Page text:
Professor Michael Zingale
Department of Physics and Astronomy
7:30 pm Room 001 ESS Building
Friday, May 6, 2011
Stars are dynamical objects. As they evolve throughout their lifetimes, they burn through enormous fuel reserves to produce their incredible energy output. As they exhaust one fuel supply, they begin burning heavier and heavier elements. For massive stars, this pattern continues until they run out of fuel, leading to an energetic core-collapse supernova explosion and leaving behind a neutron star or black hole. Low mass stars, like our Sun, ordinarily end their lives as a dense stellar remnant, a white dwarf, that slowly cools and dims. However, this is not necessarily the end of the story. If this compact remnant (white dwarf or neutron star) is in a binary system, it can be revived by material flowing onto it from its companion. This can lead to a host of different explosion scenarios, including nova and X-ray bursts, as well as thermonuclear supernovae. It is also possible that two white dwarfs or neutron stars can merge, with explosive results. In this talk, we will survey the wide range of explosive activity that arises through stellar processes.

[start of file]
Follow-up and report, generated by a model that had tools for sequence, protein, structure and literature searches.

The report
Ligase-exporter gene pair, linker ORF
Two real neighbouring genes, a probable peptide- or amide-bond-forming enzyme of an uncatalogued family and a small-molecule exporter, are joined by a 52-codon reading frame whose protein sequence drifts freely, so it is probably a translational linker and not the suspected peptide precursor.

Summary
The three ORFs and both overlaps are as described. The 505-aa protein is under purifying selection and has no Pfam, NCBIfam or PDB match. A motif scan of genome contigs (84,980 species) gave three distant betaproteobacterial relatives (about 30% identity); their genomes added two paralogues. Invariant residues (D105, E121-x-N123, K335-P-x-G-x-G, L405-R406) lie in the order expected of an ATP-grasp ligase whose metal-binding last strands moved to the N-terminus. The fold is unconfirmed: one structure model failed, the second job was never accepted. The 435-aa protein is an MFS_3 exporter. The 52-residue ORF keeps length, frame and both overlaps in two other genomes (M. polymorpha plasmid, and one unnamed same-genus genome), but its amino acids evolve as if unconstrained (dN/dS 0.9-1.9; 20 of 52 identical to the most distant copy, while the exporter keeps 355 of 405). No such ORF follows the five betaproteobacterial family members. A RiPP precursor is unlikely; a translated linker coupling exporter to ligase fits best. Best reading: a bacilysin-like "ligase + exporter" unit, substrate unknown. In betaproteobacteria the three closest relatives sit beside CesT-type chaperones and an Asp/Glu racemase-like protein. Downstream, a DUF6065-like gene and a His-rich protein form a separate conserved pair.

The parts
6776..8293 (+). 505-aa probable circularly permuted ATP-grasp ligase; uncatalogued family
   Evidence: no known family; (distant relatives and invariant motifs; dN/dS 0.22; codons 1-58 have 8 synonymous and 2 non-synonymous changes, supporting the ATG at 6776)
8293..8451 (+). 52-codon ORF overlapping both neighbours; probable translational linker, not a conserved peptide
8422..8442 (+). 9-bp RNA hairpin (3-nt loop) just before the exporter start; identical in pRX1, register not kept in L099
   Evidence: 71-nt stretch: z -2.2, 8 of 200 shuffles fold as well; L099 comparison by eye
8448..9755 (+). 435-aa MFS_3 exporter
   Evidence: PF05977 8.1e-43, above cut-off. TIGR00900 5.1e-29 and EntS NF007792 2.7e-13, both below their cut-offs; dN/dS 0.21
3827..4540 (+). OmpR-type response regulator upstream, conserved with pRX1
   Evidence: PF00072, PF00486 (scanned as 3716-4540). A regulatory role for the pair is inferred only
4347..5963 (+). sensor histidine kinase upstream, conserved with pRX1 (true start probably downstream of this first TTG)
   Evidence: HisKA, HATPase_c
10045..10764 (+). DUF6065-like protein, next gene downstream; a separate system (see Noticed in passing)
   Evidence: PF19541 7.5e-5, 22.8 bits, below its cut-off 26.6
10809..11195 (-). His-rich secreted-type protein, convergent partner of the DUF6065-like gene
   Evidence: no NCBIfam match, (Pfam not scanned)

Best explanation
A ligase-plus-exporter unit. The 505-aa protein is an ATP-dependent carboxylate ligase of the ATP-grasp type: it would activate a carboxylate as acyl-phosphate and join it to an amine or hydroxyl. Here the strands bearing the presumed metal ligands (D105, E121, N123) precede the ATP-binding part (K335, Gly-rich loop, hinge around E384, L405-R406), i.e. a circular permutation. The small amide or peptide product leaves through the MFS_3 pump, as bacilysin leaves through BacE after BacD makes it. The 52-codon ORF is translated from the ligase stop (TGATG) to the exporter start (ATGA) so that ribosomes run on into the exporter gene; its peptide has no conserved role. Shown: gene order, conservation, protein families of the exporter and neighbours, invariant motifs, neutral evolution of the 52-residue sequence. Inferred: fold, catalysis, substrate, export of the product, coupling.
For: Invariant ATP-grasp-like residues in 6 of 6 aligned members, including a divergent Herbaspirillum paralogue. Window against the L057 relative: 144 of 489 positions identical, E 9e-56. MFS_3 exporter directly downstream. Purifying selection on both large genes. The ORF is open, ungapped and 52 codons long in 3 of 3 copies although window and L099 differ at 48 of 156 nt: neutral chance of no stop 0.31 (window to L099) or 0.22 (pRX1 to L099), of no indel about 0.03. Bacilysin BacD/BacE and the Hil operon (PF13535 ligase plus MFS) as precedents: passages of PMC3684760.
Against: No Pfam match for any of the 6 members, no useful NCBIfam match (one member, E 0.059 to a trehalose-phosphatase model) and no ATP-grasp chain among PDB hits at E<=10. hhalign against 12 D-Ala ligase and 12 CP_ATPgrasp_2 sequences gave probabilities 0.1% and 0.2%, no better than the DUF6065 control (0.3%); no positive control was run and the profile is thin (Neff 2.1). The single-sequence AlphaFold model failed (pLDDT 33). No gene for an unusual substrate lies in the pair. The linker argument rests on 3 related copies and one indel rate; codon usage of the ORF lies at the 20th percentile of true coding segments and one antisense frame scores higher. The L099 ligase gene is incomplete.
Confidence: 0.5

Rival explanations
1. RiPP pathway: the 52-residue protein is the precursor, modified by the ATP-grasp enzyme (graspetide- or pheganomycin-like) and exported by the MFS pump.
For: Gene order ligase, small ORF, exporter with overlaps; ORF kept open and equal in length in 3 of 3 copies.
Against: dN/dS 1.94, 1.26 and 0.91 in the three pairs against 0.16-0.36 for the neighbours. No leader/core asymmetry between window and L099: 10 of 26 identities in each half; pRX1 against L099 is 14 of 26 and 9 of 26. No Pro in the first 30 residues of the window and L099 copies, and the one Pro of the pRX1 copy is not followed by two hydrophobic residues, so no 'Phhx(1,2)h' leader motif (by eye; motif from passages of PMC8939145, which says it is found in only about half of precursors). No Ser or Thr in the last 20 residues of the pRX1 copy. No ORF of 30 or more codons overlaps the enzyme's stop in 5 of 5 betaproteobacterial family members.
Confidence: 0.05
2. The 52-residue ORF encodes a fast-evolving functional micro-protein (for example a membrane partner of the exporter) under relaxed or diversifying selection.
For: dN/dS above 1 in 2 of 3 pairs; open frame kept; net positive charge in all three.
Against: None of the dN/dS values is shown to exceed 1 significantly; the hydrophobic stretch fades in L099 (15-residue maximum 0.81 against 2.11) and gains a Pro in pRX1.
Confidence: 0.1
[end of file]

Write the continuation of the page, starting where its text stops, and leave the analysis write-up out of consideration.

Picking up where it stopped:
Prof. Zingale is an Assistant Professor of Astronomy in Stony Brook's department of Physics and Astronomy. This is his sixth year at Stony Brook, coming most recently from a postdoctoral position at the University of California at Santa Cruz. His research is in modeling stellar explosions and the basic physics therein, and he is an expert in numerical hydrodynamics.